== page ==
A petition seeking to have the project cancelled has reached more than 55,000 signatures as of this morning.

Ardern says the filmmakers didn’t consult her about their plans.

"There are plenty of stories from March 15 that could be told, but I don’t consider mine to be one of them," she says. 

Sara Qasem, the daughter of one of those killed during the attacks, will be speaking to TVNZ’s Breakfast around 7.20am today about why she objects to the film being made. 

Advice for police officers

Police Assistant Commissioner Tusha Penny says police should treat people in custody the way they’d want a family member to be treated after three Hāwera officers were found not guilty of manslaughter in the case of Allen Ball earlier this month.

TVNZ’s Sunday programme last night asked Penny if the wider police system takes responsibility for his death. She couldn’t comment on certain aspects of the case but admitted police could improve

Meanwhile, a police investigation is underway after the death of a man in custody over the weekend.

The man had been treated at Auckland Hospital but was arrested once he was discharged. He was taken to an Auckland custody unit where he was later found unresponsive.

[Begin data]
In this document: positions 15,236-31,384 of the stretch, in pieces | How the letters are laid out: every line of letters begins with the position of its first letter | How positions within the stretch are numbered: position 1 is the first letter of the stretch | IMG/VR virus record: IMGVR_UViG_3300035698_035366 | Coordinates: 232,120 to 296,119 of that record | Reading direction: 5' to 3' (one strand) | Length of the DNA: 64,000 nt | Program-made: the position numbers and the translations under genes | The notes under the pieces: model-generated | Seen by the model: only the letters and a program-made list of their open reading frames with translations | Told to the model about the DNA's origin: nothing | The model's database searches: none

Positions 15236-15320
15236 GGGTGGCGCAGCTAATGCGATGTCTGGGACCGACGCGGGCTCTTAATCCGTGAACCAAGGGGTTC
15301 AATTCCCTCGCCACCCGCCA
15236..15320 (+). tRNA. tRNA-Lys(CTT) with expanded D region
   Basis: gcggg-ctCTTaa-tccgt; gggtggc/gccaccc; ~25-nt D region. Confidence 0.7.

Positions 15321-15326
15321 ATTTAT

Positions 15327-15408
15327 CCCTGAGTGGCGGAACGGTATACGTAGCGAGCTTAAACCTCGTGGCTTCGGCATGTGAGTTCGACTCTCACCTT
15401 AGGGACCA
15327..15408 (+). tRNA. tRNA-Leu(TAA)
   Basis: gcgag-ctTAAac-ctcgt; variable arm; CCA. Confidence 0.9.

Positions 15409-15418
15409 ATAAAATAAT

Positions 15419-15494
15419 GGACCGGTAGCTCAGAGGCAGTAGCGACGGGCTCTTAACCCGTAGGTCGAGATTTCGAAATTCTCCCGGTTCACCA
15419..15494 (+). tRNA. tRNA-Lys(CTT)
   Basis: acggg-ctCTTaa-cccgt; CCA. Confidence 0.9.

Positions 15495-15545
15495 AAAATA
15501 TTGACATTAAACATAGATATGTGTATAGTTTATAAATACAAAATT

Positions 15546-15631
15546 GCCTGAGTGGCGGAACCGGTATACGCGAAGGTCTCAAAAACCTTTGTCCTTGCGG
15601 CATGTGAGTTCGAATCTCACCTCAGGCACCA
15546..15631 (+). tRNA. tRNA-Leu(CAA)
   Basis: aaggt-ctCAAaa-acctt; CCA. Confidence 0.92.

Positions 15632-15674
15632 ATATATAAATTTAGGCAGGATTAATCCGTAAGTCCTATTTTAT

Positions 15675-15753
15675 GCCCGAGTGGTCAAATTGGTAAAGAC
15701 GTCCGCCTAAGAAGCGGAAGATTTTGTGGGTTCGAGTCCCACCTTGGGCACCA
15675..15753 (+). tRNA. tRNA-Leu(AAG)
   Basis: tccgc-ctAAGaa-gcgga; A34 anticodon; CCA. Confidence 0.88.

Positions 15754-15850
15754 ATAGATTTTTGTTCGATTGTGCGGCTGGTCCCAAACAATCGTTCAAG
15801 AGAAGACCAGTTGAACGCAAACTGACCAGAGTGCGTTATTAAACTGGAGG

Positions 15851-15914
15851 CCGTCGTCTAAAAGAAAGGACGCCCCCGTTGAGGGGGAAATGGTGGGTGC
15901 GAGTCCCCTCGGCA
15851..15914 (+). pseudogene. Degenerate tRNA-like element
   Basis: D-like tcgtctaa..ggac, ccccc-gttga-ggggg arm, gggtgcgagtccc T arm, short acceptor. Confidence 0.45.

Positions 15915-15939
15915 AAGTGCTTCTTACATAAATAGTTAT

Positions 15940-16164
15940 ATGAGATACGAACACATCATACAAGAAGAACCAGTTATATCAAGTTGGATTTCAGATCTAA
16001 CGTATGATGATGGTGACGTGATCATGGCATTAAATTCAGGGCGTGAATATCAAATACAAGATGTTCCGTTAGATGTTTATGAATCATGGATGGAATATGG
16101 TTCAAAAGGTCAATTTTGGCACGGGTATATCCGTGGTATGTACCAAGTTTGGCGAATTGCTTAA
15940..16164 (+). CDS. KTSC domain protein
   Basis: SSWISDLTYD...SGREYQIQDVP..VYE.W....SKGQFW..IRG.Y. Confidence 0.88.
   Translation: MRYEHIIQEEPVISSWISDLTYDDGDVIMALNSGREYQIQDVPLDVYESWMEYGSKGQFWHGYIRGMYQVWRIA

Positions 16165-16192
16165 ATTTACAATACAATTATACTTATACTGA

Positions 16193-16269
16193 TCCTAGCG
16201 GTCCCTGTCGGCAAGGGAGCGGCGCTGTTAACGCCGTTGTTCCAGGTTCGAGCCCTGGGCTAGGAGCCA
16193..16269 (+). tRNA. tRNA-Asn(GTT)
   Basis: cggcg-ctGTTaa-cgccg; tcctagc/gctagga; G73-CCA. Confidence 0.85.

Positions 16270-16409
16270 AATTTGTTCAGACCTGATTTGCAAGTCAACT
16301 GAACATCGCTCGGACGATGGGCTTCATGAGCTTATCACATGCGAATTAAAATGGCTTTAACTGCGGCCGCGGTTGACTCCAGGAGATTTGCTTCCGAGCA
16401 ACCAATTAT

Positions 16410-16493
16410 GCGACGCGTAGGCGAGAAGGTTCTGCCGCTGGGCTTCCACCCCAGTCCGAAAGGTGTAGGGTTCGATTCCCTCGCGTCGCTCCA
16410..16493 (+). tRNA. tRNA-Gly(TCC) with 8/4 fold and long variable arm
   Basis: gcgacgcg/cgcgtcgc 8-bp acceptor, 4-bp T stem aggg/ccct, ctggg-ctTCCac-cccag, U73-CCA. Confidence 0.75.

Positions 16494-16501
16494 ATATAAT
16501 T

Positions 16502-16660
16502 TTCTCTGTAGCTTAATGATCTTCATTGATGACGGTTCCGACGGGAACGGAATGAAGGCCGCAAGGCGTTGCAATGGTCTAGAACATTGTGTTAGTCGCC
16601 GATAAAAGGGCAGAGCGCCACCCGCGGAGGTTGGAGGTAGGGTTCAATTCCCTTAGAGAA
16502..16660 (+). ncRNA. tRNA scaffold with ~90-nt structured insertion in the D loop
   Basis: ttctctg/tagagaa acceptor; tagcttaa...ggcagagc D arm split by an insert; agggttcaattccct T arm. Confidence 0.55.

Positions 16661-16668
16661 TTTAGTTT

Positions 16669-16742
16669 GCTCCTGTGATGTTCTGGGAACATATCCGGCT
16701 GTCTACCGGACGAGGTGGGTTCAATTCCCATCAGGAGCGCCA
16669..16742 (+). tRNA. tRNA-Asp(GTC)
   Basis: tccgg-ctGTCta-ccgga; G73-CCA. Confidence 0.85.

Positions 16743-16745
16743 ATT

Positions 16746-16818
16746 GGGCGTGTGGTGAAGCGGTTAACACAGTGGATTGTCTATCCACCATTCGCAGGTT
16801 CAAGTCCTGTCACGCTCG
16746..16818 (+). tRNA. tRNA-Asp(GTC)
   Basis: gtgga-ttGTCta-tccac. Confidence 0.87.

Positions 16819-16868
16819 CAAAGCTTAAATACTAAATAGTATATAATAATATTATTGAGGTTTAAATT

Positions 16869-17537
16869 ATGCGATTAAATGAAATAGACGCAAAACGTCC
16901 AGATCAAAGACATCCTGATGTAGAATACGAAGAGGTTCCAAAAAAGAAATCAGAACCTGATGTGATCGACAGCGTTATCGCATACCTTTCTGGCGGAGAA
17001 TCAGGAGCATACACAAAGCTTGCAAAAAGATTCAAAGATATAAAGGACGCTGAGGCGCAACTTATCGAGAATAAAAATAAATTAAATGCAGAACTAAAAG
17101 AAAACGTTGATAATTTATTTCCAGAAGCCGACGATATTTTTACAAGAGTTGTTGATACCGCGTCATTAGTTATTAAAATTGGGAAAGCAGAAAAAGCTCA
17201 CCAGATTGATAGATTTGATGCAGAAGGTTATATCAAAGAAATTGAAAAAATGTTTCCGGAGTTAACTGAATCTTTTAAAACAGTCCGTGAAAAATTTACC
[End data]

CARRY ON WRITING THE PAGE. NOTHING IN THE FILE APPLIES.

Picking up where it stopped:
The Coroner, WorkSafe, and the Independent Police Conduct Authority are investigating his death.

Black Caps top of the world

The Black Caps have recorded their first test series win in England in more than 20 years after beating the hosts by eight wickets at Edgbaston overnight.

Trent Boult took England’s final wicket on the first ball of the day, leaving the Black Caps to chase just 38 runs for victory.

The win has seen New Zealand move to the top of the test rankings. 

Other news of note this morning: 

- Residents in the Wellington suburb of Newtown have spent the night on edge after a fire ripped through several houses.

- Israel Prime Minister Benjamin Netanyahu’s 12-year hold on power has ended with the formation of a new coalition government 

- An Australian endocrinologist says there are many ways Covid-19 could have been leaked from a Wuhan laboratory as a theory about such a scenario gains further traction. 

- 1 NEWS has obtained details of the serious criminal offending some Northland schools are having to deal with. 

- A Givealittle page has been set up for the wedding photographer who was one of four injured in a helicopter crash on Saturday.

- While England opened their Euro 2020 campaign with a win overnight, Denmark’s team doctor has confirmed Christian Eriksen’s heart stopped after he collapsed on the pitch during his team’s match yesterday. 

- And somebody has paid $39 million in an auction for a ride into space next month alongside Jeff Bezos.

And finally...

Source: 1 NEWS

1 NEWS’ Good Sorts series last night celebrated Christchurch’s Mark Bruce, a man who has helped people struggling with the difficult decision to lose a limb since he lost one himself three decades ago.

When a peer support system was recently developed, Bruce was identified to lead it – and you can see why he was the obvious choice here.